A middle-aged yuppie’s overwritten account of her discovery that there’s more to life than a prestigious job.
As Hirsch (A Home in the Heart of the City, 1998) approached her 40s, she began to feel dissatisfied with her achievement-driven lifestyle. The sudden death of her younger brother sharpened her desire for a change, and her experience of pregnancy and the birth of her first child provided further impetus. Her search for a “Sabbath life” (meaning one that is “varied, fruitful, and, at day’s end rich in wisdom and peace”) led her to the library, to nature and gardening, to making good soup, trying various handicrafts, exploring her community, and connecting with other women. An admirer of Virginia Woolf, she set out to create a room of her own, but she realized that there was something stagy about her vision of it as a home to seedpods, birds’ nests, paintbrushes and good, thick paper, a basket for yarns, and a space on the floor for the baby to sit and play in the sunlight. She found analogies with life in the seasons of her backyard garden, in the structure of an apple she was slicing, and in a fruit compote she was aging and blending. There’s a good deal of high-flown rhetoric here—about finding one’s “self,” about harmony, spiritual growth, balance, wholeness, and the wisdom of the body—as she imagines herself and other (usually quite politically correct and aesthetically aware) women creating a “new reality.”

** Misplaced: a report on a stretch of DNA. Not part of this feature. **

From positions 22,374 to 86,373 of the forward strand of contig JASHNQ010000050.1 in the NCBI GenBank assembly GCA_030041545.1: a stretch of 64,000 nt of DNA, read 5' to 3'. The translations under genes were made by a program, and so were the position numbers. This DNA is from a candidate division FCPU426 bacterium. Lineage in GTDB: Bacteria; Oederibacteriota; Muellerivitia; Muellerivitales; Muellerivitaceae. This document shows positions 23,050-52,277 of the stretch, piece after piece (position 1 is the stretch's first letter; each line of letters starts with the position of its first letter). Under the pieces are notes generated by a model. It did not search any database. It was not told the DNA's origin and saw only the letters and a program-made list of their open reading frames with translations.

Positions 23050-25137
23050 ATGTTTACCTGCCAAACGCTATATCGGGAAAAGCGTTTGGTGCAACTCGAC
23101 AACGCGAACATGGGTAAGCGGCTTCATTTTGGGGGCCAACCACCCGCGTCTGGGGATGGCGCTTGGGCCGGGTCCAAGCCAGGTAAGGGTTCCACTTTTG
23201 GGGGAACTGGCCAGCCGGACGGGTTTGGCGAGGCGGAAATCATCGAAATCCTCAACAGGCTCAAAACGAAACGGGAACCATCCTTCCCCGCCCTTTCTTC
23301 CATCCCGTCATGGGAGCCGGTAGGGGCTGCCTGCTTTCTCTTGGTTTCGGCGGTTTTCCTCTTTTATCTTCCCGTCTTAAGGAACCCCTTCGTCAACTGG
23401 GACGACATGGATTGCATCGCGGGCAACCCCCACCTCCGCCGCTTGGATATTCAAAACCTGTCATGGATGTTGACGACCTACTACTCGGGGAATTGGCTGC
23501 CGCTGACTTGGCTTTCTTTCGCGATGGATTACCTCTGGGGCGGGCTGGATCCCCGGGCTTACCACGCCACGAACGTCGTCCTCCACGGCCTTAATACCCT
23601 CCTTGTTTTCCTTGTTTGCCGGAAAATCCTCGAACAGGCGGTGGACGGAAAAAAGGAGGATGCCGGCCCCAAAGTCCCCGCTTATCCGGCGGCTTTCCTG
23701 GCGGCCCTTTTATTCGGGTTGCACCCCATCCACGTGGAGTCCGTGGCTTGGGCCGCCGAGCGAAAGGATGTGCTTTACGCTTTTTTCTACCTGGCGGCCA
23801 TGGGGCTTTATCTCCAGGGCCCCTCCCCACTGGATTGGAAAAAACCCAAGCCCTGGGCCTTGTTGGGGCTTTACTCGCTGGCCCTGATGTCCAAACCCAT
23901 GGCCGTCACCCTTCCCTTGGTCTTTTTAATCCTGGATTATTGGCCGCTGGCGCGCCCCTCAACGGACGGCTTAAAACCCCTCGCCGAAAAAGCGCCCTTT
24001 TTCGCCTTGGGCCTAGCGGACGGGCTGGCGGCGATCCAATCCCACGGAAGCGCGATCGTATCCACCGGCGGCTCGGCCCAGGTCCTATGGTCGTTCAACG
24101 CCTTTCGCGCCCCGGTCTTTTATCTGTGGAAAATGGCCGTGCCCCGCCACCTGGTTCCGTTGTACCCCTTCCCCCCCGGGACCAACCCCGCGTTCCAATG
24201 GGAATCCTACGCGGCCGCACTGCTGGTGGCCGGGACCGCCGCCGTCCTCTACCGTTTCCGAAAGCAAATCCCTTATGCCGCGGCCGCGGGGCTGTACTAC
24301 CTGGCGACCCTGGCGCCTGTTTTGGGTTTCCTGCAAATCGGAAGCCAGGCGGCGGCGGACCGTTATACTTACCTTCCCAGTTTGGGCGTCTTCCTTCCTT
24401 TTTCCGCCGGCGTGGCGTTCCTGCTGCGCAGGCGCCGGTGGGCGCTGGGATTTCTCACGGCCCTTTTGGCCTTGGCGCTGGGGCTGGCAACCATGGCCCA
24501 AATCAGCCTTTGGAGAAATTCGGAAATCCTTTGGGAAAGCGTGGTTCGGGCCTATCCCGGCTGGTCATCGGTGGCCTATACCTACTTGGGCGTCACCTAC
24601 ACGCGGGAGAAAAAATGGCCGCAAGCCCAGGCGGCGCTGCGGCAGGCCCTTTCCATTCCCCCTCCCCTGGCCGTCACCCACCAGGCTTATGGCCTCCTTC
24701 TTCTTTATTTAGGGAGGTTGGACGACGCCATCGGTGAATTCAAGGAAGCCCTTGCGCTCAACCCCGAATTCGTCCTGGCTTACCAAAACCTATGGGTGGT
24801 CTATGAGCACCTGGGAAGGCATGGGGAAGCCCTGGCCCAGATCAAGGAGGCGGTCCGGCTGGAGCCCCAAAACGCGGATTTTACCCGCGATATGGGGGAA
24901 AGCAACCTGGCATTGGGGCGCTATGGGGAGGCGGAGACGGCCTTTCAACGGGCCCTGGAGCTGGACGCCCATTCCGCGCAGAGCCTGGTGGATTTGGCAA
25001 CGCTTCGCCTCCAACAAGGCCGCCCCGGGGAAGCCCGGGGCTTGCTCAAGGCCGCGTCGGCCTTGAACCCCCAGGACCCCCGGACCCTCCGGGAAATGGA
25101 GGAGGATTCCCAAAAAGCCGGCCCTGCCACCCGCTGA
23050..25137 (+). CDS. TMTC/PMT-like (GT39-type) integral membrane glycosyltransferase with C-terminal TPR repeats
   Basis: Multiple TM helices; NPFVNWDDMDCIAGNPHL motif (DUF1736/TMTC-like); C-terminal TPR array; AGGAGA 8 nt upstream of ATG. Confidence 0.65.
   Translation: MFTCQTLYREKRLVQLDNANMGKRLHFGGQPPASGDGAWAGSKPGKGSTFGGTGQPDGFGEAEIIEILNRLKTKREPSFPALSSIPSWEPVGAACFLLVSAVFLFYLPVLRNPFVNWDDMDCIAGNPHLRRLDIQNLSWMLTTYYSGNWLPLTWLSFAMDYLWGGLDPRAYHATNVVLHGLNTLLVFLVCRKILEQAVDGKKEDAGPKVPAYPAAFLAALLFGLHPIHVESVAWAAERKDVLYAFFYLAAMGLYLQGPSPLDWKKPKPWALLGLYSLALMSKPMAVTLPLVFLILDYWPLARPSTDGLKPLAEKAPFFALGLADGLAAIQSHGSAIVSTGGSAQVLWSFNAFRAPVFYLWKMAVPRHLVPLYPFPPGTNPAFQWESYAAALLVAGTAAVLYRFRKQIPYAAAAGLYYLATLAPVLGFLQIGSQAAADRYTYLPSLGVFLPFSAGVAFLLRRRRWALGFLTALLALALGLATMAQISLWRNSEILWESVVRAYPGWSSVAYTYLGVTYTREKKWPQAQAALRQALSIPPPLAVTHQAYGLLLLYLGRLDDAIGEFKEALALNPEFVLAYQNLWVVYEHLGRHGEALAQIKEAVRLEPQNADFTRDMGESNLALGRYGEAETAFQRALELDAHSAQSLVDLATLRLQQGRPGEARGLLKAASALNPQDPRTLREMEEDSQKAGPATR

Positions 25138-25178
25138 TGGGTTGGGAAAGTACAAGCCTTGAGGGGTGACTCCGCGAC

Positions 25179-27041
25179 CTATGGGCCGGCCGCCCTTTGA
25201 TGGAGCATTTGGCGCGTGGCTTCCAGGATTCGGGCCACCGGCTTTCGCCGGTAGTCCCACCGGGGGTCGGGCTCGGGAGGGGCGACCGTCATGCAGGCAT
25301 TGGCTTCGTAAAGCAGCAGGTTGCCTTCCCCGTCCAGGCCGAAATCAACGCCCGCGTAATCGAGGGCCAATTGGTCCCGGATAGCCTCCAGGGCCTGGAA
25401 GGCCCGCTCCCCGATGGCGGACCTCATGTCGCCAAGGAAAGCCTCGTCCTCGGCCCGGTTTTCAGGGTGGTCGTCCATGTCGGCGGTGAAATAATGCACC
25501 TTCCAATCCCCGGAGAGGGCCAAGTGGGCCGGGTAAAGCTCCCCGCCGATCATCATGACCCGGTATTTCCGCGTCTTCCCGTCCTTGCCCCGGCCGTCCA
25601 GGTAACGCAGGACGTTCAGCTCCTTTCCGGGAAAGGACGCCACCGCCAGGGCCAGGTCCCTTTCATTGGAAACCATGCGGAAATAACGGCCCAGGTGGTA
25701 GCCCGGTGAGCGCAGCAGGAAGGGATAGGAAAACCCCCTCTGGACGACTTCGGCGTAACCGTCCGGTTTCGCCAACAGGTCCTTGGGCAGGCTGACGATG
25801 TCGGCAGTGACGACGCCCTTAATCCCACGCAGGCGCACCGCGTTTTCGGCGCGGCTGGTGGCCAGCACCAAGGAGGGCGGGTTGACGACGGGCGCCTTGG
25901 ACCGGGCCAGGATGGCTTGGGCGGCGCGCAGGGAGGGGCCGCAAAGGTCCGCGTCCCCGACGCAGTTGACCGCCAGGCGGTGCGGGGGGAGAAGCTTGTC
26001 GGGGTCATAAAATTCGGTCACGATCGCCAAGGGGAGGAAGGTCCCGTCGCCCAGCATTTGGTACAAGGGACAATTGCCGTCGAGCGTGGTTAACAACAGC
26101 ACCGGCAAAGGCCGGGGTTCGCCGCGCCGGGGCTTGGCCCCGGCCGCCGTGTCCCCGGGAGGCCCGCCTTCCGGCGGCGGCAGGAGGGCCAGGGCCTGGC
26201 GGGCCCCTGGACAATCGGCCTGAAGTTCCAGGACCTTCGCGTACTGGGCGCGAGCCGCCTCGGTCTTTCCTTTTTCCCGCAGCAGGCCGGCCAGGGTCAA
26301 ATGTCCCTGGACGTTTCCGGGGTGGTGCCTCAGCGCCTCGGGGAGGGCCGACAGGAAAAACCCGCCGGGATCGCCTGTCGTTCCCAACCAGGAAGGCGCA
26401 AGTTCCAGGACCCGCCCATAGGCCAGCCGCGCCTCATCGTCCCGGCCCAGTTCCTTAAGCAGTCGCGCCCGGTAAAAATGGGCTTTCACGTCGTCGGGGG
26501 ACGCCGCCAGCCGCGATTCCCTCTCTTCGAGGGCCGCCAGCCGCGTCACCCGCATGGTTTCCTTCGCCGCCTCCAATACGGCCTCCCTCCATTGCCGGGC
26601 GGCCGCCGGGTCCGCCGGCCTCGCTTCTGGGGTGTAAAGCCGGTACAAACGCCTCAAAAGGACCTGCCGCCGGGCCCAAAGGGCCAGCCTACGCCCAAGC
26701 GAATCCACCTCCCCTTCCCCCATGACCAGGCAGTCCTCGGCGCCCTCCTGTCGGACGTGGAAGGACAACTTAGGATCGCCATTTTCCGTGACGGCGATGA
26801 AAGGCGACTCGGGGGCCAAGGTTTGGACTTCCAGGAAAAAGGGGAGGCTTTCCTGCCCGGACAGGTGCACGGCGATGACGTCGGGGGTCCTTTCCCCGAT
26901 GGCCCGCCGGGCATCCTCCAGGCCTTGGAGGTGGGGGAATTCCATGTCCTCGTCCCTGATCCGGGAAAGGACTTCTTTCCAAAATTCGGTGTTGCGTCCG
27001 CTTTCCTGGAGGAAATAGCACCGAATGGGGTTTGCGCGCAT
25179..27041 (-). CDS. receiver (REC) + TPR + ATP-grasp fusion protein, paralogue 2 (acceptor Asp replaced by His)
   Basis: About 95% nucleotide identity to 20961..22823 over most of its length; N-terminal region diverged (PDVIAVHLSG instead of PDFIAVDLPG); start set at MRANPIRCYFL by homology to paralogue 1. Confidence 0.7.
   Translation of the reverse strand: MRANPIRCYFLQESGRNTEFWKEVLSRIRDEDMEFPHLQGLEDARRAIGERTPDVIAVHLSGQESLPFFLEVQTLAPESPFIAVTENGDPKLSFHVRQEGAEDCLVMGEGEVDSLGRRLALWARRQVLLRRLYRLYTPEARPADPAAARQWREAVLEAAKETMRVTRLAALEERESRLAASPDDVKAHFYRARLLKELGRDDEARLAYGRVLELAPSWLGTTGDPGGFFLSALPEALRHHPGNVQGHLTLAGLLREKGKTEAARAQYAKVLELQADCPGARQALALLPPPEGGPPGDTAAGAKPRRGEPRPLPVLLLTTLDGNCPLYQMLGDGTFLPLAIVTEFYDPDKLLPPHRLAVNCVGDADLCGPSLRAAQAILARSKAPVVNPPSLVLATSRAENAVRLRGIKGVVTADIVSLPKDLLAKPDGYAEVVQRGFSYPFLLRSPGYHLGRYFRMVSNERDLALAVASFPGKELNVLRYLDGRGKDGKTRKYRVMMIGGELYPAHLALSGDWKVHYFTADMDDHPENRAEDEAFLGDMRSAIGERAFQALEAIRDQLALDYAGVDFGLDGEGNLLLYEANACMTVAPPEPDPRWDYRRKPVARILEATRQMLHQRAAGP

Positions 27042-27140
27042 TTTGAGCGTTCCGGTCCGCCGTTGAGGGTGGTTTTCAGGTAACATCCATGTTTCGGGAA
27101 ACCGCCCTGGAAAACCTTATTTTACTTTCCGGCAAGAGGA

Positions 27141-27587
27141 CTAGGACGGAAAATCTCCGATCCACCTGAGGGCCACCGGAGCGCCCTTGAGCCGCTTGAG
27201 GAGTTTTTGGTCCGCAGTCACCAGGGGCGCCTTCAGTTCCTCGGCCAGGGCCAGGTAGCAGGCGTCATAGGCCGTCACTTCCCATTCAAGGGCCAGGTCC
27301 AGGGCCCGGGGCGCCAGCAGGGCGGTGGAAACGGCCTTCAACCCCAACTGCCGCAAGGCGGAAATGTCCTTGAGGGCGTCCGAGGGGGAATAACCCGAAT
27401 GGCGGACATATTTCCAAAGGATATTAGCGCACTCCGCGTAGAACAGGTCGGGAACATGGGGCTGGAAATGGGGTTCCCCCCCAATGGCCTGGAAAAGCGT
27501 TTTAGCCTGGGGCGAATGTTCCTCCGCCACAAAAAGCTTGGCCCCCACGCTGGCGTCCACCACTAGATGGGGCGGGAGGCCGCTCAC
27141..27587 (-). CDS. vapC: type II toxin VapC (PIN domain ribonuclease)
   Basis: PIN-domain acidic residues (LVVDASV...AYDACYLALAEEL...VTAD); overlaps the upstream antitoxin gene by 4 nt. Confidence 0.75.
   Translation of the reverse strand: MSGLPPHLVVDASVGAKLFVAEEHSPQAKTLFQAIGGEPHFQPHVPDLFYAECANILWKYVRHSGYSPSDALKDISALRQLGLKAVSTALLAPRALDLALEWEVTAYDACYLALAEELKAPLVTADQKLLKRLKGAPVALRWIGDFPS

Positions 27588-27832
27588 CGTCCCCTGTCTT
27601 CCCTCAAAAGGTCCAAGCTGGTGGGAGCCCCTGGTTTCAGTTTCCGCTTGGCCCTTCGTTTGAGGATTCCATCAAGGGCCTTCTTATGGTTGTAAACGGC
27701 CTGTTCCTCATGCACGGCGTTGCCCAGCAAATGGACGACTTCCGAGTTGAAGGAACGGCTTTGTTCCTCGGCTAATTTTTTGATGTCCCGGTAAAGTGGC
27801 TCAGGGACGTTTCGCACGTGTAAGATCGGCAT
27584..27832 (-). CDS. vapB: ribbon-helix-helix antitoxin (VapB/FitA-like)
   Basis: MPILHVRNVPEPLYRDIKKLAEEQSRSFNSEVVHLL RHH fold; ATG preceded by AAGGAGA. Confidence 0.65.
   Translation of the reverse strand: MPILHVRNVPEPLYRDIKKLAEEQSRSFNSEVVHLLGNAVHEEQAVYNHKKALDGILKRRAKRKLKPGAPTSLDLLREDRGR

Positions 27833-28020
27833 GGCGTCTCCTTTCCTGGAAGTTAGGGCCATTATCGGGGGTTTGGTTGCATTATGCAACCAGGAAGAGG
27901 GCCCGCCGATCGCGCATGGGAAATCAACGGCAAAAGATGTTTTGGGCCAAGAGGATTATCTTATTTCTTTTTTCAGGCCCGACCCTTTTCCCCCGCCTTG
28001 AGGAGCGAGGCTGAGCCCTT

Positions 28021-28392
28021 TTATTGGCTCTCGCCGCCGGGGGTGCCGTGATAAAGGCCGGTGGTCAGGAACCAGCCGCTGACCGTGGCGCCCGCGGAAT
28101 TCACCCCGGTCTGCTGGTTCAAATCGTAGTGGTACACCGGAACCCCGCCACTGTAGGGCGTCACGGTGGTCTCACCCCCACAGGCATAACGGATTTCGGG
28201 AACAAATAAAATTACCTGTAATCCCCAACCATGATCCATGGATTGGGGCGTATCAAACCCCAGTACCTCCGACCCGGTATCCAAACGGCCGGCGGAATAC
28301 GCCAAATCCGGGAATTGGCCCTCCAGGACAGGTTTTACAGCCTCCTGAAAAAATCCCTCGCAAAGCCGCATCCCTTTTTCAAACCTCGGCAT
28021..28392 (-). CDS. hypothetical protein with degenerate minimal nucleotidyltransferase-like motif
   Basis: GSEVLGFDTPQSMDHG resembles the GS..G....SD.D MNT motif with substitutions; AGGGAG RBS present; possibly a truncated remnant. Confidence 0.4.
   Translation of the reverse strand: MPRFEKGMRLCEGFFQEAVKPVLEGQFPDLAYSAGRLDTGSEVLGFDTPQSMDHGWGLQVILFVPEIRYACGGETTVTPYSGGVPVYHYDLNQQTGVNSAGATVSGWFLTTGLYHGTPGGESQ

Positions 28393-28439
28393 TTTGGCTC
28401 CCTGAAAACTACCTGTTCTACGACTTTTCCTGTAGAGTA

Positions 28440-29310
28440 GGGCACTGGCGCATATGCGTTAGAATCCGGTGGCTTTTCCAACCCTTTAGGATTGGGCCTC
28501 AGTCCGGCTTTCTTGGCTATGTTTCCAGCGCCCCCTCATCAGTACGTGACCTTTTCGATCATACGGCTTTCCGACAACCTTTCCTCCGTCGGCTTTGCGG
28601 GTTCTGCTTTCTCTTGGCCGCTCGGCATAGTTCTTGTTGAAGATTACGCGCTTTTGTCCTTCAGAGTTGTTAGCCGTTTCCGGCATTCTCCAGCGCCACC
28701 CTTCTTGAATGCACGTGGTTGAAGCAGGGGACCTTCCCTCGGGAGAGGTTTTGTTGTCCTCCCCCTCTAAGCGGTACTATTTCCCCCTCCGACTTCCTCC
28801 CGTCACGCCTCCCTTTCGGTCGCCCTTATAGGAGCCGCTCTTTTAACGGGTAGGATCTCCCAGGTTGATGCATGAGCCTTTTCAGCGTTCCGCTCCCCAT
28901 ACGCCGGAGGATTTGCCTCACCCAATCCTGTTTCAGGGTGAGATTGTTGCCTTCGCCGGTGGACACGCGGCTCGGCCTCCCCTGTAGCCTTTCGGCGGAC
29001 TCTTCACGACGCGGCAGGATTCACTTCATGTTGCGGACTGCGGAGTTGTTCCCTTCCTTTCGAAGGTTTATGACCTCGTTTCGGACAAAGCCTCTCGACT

A humorless journey of self-discovery marked by annoying pretensions and an of superiority.